Originally Posted by prosemommy
I just stumbled upon this thread and am so glad! I have a 10 month old bi/tri-racial little girl and when I was pregnant I heard many of the same comments others did about bi-racial cuteness. Generally I wasnt too bothered by it because I truly felt that these comments werent coming from a bad place. But...
I also got some not so thinly veiled racist comments - though the people who said them would be horrified if I said that to them. Quite a few times I heard - oh her dad is light (African American/multi-racial) and you are so fair that she wont be that dark...ookkkaayyy so what does that dark mean? Now that her hair is getting a little longer people have commented how staight it seems to be - many times I feel like they are congratulating her on winning the genetic lottery because her hair doesnt seem "kinky". I also squirm at the term exotic - mostly because while "exotic" women are seen as beautiful, often their beauty is fetishized.
This is probably worth another whole thread but...Her dad is not in our lives and I often think about how I am going to answer her inevitable questions about him. One aspect is his race and how being bi-racial will be incorporated into her identity - if at all. I honestly just want her to be her as I am who I am but is that denying her something? With her gorgeous dark brown eyes and olive skin it is obvious that her dad is darker than I am but (to use a completely vulgar term) she can "pass". So she probably will not encounter the racism that many people of color experience - so how does that factor into her self-identity as bi-racial? I have seen interviews and read much on the subject of being bi-racial and one common thread I have noticed is that very light skinned people who choose to identify as Black but do not encounter racism because of their lightness get resistance from some in the Black community to identifying as Black.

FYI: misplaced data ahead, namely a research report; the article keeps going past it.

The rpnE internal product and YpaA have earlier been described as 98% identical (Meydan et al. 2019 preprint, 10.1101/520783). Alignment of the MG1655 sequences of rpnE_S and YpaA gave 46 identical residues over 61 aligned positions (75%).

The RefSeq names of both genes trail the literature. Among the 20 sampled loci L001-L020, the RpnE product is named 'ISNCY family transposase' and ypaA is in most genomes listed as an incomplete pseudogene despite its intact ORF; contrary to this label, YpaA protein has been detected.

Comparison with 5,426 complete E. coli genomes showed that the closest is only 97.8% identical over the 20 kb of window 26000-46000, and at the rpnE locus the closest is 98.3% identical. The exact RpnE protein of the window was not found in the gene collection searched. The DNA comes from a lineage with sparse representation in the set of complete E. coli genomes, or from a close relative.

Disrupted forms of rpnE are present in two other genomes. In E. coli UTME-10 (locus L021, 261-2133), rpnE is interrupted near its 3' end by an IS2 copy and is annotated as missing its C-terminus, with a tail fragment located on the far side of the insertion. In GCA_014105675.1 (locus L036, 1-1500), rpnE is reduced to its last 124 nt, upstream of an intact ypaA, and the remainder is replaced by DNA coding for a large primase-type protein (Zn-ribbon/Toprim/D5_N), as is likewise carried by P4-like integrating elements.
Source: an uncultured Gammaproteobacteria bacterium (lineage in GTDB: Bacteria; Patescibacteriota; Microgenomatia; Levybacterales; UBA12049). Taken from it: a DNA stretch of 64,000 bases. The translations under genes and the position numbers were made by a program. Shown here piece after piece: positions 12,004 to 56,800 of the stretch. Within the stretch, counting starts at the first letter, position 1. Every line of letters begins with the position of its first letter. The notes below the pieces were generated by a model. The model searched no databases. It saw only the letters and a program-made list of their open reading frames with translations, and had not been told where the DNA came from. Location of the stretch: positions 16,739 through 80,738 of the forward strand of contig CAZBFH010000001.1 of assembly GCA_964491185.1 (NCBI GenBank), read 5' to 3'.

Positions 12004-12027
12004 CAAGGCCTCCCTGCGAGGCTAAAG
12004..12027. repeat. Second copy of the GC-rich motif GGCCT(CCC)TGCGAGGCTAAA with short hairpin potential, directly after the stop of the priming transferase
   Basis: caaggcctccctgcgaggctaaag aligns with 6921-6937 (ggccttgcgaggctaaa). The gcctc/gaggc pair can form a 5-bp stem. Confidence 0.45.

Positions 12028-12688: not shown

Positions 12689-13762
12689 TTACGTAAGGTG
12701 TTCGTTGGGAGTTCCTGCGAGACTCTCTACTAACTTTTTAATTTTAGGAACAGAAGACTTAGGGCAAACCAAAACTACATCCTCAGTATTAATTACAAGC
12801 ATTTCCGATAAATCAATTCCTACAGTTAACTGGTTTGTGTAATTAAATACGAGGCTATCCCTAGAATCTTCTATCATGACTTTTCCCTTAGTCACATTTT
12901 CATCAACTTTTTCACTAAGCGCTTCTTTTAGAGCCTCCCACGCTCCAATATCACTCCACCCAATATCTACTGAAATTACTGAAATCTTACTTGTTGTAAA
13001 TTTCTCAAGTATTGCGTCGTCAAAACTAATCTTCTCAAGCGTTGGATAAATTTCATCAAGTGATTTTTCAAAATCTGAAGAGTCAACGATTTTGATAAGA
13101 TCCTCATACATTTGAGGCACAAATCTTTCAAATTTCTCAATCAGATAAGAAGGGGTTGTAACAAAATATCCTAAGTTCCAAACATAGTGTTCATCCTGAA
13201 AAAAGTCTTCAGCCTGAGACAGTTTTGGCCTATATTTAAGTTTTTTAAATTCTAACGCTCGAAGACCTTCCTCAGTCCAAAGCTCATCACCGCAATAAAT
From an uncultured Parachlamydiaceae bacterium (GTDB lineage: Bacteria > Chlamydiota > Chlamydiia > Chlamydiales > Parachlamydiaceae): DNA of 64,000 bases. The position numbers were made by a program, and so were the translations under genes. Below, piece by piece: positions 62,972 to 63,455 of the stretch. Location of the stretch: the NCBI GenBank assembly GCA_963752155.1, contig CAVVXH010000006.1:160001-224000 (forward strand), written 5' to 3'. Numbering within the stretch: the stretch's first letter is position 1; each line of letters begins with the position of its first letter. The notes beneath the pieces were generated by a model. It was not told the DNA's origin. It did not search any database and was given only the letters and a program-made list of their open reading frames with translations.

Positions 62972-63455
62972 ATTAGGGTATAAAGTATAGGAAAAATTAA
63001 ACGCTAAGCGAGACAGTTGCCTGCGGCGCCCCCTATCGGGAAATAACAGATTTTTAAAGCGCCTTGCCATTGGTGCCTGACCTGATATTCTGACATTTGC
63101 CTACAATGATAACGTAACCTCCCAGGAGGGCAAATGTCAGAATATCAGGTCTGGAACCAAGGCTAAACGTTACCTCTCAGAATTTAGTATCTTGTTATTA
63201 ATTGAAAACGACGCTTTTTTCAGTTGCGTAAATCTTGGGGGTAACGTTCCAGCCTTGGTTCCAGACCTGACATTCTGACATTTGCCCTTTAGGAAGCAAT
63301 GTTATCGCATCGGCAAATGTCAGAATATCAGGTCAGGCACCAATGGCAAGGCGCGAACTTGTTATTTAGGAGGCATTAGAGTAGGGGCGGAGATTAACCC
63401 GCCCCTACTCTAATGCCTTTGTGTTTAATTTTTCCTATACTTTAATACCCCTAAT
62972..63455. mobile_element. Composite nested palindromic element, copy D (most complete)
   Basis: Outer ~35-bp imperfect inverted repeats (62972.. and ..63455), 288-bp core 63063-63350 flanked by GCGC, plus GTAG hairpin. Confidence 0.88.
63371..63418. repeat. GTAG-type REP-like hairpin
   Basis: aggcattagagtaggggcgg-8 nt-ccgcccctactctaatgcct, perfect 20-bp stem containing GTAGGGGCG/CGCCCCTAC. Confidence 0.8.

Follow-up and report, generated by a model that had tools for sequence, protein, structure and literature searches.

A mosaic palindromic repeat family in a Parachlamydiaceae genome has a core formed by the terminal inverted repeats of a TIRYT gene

I will probably get "Does Anybody Else Look Like Me?" to read but since she isnt obviously bi-racial and her dad isnt involved, I wonder if it will still be helpful...
Hi I would recommend the book or others like it (I haven't actually read it) even if it does not specifically apply to her. As a multiracial person who has "passed" for large portions, but not all of her life, I can tell you that, first of all, features change overtime.. Though she passes at 10 months she may not pass at all at 13-- genetics is funny that way.
The other thing about passing is that you hear disparaging remarks about your ethnicity and race in contexts that a person who looks more fully one race will never hear. So you still need to be prepared for those kinds of encounters.
It won't be the same for her as it would for a darker, more obviously black girl, and in someways its harder to prepare children for what to expect when you don't look stereotypically one race or another. For example those children's books featuring a girl learning to feel pride in her African features and dark skin won't read the same way to a girl with say some typically African features but light colored skin or dark colored girl with a more stereotypically white phenotype, or a girl considered black by US standards because one parent is black but whose features are predominantly those of a white girl. But those books still help gain understanding that there are many ways to look and that there is no wrong way to look and that the white norm so often projected is just one of many ways to be.